e n c o u n t e r
by Vanessa Rush Southern
One year while I was in graduate school, a friend who was worried about my safety gave me a personal alarm as a present. This red box fit neatly in my pocket and had a button and a pull cord (like a grenade), either of which would set it off in wild peals of noise. I carried the alarm with me for a few months, but fortunately never did need it. The day I decided not to carry it any longer was the day I set it off in my coat pocket.
It was a bitterly cold day in the fall, and I had spent the better part of the morning on a tour of a historic cemetery in town. I was exhausted and didn't notice at all when I set off the alarm while reaching into my pocket for a subway token.
The whole train ride I wondered what the alarm was about. Was there a fire? Were they testing some emergency system? At each station the sound was the same. How annoying, I thought.
When I got off the train I heard the sound in the parking lot. People were agitated and looking around confused. When I went into the supermarket, it was the same story. Everyone looked around, this way and that, staring and wondering aloud what that sound was. A couple of them asked me about it and I looked at them, innocent and ignorant, and said I didn't know. It must be some holdover from the Cold War, I mused to myself. What a great story it would make in the next day's paper, I thought.
And then, amid my musings, I stopped to ask a stock boy where I might find the popcorn. He looked at me, nodding his head in silence and with hesitation as if he were thinking something over in his head. "I'll tell you," he finally replied, "but only if you'll tell me about that noise." Completely tired of the whole business, I said to him in exasperation that I had no idea what the noise was about and wondered why so many people seemed to think I might.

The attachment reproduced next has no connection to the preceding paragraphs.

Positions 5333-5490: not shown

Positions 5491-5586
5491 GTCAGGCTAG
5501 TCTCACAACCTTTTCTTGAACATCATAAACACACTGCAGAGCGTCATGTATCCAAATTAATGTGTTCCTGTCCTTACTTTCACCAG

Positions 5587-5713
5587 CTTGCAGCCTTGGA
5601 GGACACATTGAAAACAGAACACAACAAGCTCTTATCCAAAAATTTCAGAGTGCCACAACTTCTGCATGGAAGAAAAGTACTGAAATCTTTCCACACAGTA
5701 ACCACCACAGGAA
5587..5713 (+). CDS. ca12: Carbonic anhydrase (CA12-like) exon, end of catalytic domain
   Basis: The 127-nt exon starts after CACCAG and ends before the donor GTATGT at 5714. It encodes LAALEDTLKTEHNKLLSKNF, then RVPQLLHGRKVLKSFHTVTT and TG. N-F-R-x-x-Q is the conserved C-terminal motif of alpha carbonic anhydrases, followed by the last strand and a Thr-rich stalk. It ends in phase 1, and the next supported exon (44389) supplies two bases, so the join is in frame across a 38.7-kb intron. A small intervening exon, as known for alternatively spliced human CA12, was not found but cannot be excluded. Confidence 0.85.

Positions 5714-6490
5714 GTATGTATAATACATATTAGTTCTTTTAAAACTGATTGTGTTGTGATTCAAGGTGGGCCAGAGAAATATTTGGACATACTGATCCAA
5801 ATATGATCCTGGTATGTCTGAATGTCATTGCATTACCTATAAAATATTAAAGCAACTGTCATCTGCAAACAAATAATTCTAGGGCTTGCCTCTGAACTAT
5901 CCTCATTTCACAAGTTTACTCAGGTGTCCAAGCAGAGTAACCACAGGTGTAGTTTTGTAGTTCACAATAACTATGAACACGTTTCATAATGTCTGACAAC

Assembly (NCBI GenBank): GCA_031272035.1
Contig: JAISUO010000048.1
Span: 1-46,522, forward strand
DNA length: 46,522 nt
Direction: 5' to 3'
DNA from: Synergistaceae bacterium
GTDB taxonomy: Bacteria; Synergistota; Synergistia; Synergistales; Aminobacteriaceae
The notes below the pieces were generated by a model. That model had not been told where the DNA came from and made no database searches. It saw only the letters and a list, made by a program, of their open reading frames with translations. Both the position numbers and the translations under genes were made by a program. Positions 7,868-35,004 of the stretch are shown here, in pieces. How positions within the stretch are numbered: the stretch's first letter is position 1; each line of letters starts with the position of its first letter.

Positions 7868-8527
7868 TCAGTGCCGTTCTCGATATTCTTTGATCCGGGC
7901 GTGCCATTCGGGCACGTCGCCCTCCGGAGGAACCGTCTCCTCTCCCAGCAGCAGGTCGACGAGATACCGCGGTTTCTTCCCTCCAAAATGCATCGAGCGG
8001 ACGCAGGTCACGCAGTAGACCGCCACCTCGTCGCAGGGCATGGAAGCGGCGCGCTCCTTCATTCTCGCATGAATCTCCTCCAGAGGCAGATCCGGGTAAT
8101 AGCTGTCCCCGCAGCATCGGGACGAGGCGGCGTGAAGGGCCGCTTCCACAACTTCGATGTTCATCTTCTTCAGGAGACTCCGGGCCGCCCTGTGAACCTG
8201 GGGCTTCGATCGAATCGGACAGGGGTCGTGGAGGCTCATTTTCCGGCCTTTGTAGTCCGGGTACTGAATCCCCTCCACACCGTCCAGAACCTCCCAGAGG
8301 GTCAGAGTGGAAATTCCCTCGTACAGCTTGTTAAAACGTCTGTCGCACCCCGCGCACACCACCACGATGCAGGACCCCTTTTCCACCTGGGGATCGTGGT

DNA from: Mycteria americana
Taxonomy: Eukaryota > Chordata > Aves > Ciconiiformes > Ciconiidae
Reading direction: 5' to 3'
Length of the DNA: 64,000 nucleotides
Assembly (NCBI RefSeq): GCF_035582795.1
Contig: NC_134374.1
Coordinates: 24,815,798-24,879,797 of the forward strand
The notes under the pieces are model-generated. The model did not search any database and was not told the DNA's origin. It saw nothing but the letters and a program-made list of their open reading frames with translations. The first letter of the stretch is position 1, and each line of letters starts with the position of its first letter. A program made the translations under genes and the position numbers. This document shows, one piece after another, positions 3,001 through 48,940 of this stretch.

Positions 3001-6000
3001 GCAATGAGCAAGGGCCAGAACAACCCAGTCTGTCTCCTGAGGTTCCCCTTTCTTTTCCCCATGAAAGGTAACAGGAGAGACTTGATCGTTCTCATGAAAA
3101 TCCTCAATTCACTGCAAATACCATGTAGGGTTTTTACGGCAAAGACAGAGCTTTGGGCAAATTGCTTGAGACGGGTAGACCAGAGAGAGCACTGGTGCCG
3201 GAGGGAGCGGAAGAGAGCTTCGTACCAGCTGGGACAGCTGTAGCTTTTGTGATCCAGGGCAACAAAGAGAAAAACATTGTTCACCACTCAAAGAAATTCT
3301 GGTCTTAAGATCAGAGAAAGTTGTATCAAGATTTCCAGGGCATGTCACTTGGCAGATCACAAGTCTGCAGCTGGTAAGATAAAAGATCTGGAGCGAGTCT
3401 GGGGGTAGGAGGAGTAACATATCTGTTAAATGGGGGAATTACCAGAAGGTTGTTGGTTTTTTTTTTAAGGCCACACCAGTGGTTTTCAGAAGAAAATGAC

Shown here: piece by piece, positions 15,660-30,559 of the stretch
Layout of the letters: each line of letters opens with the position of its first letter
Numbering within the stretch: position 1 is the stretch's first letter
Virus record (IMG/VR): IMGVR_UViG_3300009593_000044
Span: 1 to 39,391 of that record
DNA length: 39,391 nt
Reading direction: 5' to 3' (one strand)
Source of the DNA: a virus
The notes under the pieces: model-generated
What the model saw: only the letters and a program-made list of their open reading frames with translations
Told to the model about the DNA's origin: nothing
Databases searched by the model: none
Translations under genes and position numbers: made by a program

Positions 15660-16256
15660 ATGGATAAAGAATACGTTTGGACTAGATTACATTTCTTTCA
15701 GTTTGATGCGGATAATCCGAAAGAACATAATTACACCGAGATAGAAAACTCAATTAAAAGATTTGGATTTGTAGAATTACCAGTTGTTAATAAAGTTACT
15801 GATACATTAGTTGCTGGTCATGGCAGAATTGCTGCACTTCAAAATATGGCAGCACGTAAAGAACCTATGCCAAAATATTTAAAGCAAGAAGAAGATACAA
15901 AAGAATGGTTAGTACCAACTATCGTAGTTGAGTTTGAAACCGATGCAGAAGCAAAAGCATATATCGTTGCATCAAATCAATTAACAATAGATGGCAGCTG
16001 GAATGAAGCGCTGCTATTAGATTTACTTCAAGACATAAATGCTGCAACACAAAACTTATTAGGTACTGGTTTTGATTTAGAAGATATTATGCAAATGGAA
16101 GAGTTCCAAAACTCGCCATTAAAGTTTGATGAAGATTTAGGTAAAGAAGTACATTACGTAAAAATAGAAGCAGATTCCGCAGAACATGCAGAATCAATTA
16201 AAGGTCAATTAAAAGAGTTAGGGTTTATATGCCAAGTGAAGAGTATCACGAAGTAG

"Because, lady," said the stock boy, with the nonchalant indifference of one who had seen it all, "it's coming from you."
Never has a face turned red as fast as mine did that moment when I realized that he was right, that this sound (that had plagued me for the better part of an hour) had, indeed, been coming from me. There in my pocket was that little red box with its little black button in the ON position.
How many times do we walk around with alarms going off in our pockets? How often does everyone else around us realize that something having to do with us is seriously wrong, and we just mosey along, slightly agitated in our journey? How many times in a day or a year are we completely oblivious to the effect we are having on people, even though it is the same effect on person after person? And how often would we rather make up the most elaborate excuses for why the world responds to us the way it does, rather than take responsibility for who we are and what that invites into our lives?
I just hope the next time I walk around with a personal alarm system going off in my pocket that someone is bold enough to look me in the eye and ask me what I am doing. Then, when I deny the charges, I hope he or she is able to say, without much pretense, that what is going on is, indeed, coming from me. And I hope the truth of what that person is saying will be as impossible to ignore.
The Rev. Vanessa Rush Southern is minister of the Unitarian Church in Summit, New Jersey. This story is excerpted from her new book, This Piece of Eden: Meditations, published by Skinner House Books in 2001. Available from the UUA Bookstore ($8; 1-800-215-9076).